If the doctor feels after their initial assessment that you have an eating disorder, they should immediately refer you to a specialist for further assessment or treatment.
You may feel very nervous or fearful about seeing the doctor. There are some things that can help people feel more confident about talking to your GP:
Remember you can ask to see a second GP if you don’t get a good outcome from your appointment with your first one. If you feel the need, you can also change your doctor.
You can change your doctor within the practice you usually attend, or you can change your surgery. If the surgery you wish to change to is accepting new patients, you can call them and ask to fill out a registration form. To find out the contact details of medical practices in your area you can search for services on the NHS Choices website.
If seeing a GP is not the best route for you, there are other ways to access treatment. Our HelpFinder pages list private clinics as well as counsellors and therapists.
The first doctor I saw didn't understand eating disorders very well and was insensitive about my illness. I'm so glad I changed to a new GP who treated me as a person, not a statistic.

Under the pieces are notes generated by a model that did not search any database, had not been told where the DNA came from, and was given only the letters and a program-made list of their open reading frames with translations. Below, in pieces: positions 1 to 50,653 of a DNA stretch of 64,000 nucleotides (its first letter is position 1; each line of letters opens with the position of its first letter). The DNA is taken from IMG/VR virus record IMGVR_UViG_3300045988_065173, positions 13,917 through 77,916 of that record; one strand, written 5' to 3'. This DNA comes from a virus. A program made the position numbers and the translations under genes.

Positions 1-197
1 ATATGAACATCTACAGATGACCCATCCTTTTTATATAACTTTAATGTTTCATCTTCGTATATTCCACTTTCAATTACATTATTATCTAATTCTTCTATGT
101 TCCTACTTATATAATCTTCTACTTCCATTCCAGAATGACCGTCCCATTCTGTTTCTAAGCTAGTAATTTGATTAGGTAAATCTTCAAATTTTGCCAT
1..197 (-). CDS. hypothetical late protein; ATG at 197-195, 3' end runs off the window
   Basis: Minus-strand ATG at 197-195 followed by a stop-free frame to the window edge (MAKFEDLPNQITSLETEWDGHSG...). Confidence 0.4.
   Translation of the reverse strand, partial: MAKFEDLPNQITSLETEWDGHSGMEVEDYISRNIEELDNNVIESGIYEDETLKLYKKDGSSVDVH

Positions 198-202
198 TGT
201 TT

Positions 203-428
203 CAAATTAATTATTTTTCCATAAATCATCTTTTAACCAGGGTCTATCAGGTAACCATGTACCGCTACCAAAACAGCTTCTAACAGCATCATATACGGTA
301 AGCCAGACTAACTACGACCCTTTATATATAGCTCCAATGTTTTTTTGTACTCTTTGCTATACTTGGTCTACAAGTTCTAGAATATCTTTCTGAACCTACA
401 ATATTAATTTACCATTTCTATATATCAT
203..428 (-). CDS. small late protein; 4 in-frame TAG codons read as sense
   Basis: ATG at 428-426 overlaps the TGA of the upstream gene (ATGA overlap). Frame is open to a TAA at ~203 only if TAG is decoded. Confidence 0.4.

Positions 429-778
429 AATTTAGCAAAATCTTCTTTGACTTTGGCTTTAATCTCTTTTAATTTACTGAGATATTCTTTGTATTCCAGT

Your doctor should refer you to specialist treatment immediately if they suspect you have an eating disorder, although they may still be involved in the coordination of your care. If your doctor is not able to find the specialist treatment you need in your area, you can ask them to find out about specialist treatment out of your area and if you can be referred for this treatment.
There is often a waiting list for these services and it can take a few weeks to get a letter telling you when your first appointment will be. The letter should tell you everything you need to know, such as the name of the specialist you will be seeing, how to get to your appointment and the date and time of your appointment. It is important that you seek and can access treatment as soon as possible.